Four in the barn



In the indoor coop

We so enjoy our Guinea Fowl
For one thing,
they are beautiful.
Their bulbous bodies
are covered in polka dotted feathers;
their unfeathered heads
are colorful;
their short legs
move quickly
without their body moving much at all.
They are raucous,
males vocalizing loudly in one syllable;
females, two.
They feast on ticks, grasshoppers
and other insects.
And, unlike domesticated chicken breeds,
they are great parents.
Away from their native savannas,
these parents have a daunting task
successfully parenting their young ones
to autonomy.
After last year’s tragedy—
in one day, they lost all the baby keets—
mamma chose an in-the-barn nest
this year,
and hatched five little ones.
She would have hatched more
but we put some of the eggs
into an incubator,
where they hatched and are living
in an indoor coop.
(We hope mom and dad are successful this year
and next time we won’t have to rob the nest.)
It is a thrill to watch the five babes
in the barn
race alongside mamma and pappa
all around the barn.
At night, mamma finds a corner in the barn
and they nestle safely under her,
while pappa roosts close by.
But during the day,
we have to check on them:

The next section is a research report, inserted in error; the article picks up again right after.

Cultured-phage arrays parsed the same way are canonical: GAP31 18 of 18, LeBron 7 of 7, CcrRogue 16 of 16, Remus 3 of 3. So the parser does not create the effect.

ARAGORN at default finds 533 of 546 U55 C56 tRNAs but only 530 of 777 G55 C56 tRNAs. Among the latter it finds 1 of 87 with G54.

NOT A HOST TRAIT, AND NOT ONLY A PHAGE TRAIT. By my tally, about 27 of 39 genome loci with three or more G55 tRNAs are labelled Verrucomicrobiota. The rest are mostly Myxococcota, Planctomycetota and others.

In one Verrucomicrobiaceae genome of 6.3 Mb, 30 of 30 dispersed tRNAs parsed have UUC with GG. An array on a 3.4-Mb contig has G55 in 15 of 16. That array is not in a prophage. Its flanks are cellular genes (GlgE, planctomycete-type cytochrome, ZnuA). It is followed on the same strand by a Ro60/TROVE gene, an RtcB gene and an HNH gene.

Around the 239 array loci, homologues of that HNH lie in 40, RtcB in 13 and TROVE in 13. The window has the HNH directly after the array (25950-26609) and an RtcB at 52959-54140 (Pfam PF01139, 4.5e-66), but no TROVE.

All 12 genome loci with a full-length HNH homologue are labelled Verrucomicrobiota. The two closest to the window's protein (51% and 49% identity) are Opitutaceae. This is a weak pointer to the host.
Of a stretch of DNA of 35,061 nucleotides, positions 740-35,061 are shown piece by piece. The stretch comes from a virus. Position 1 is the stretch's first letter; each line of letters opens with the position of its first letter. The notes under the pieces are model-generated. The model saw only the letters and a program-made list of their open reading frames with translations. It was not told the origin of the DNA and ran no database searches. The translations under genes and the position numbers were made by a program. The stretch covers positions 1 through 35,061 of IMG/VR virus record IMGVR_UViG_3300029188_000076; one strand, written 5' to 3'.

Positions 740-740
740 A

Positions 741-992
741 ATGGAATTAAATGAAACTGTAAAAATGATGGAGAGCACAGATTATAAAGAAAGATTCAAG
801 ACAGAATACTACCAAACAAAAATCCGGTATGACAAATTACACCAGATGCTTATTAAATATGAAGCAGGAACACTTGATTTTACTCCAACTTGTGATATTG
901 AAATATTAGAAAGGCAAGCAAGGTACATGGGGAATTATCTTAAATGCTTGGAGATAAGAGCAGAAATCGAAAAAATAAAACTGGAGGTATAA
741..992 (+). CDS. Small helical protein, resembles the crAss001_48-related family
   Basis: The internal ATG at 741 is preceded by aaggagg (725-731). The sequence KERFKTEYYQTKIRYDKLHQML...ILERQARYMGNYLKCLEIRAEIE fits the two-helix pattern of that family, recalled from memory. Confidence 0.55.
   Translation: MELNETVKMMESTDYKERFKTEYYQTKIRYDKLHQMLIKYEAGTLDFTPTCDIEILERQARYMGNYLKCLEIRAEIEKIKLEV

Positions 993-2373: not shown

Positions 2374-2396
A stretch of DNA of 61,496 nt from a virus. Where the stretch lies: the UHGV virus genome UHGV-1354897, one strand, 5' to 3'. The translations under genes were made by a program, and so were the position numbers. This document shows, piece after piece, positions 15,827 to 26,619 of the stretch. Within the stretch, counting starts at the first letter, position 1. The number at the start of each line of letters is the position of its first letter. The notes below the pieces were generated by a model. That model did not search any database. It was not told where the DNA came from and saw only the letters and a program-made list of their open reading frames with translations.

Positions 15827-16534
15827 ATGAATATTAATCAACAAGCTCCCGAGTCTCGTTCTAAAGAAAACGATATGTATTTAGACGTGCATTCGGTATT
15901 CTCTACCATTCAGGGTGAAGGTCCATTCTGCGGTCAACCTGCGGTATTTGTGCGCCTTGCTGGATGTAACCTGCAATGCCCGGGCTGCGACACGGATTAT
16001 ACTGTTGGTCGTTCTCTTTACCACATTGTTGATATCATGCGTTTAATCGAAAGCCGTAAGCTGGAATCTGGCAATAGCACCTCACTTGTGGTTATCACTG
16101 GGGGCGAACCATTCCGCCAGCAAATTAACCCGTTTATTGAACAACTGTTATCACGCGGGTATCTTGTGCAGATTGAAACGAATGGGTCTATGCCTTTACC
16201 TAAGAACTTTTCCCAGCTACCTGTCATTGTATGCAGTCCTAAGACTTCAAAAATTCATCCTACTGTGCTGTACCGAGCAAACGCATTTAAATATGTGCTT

the tiny ones have a propensity for exploring
and repeatedly find their way out of the barn,
underneath a wire gate.
Sometimes they get caught in the wire gate
and one suffered a damaged wing.
Yesterday, we found the damaged-wing-one
upside down in the dirt barn floor,
trying to right itself,
We set it on its feet
and it ran to pappa guinea,
who pecked at it several times.
Fearful that pappa thinks the little keet
doesn’t stand a chance of survival
with the broken wing,
we caught it—Pappa was not happy
about that!—
and took it to join those in the indoor coop.
Now there are four tiny keets
in the barn,
negotiating rabbits,
adult guineas
chicken hens and a rooster—
and that wire gate
(in spite of our efforts to secure it.)
Its not their native African savanna,
and dangers still exist,
but they are a week old now!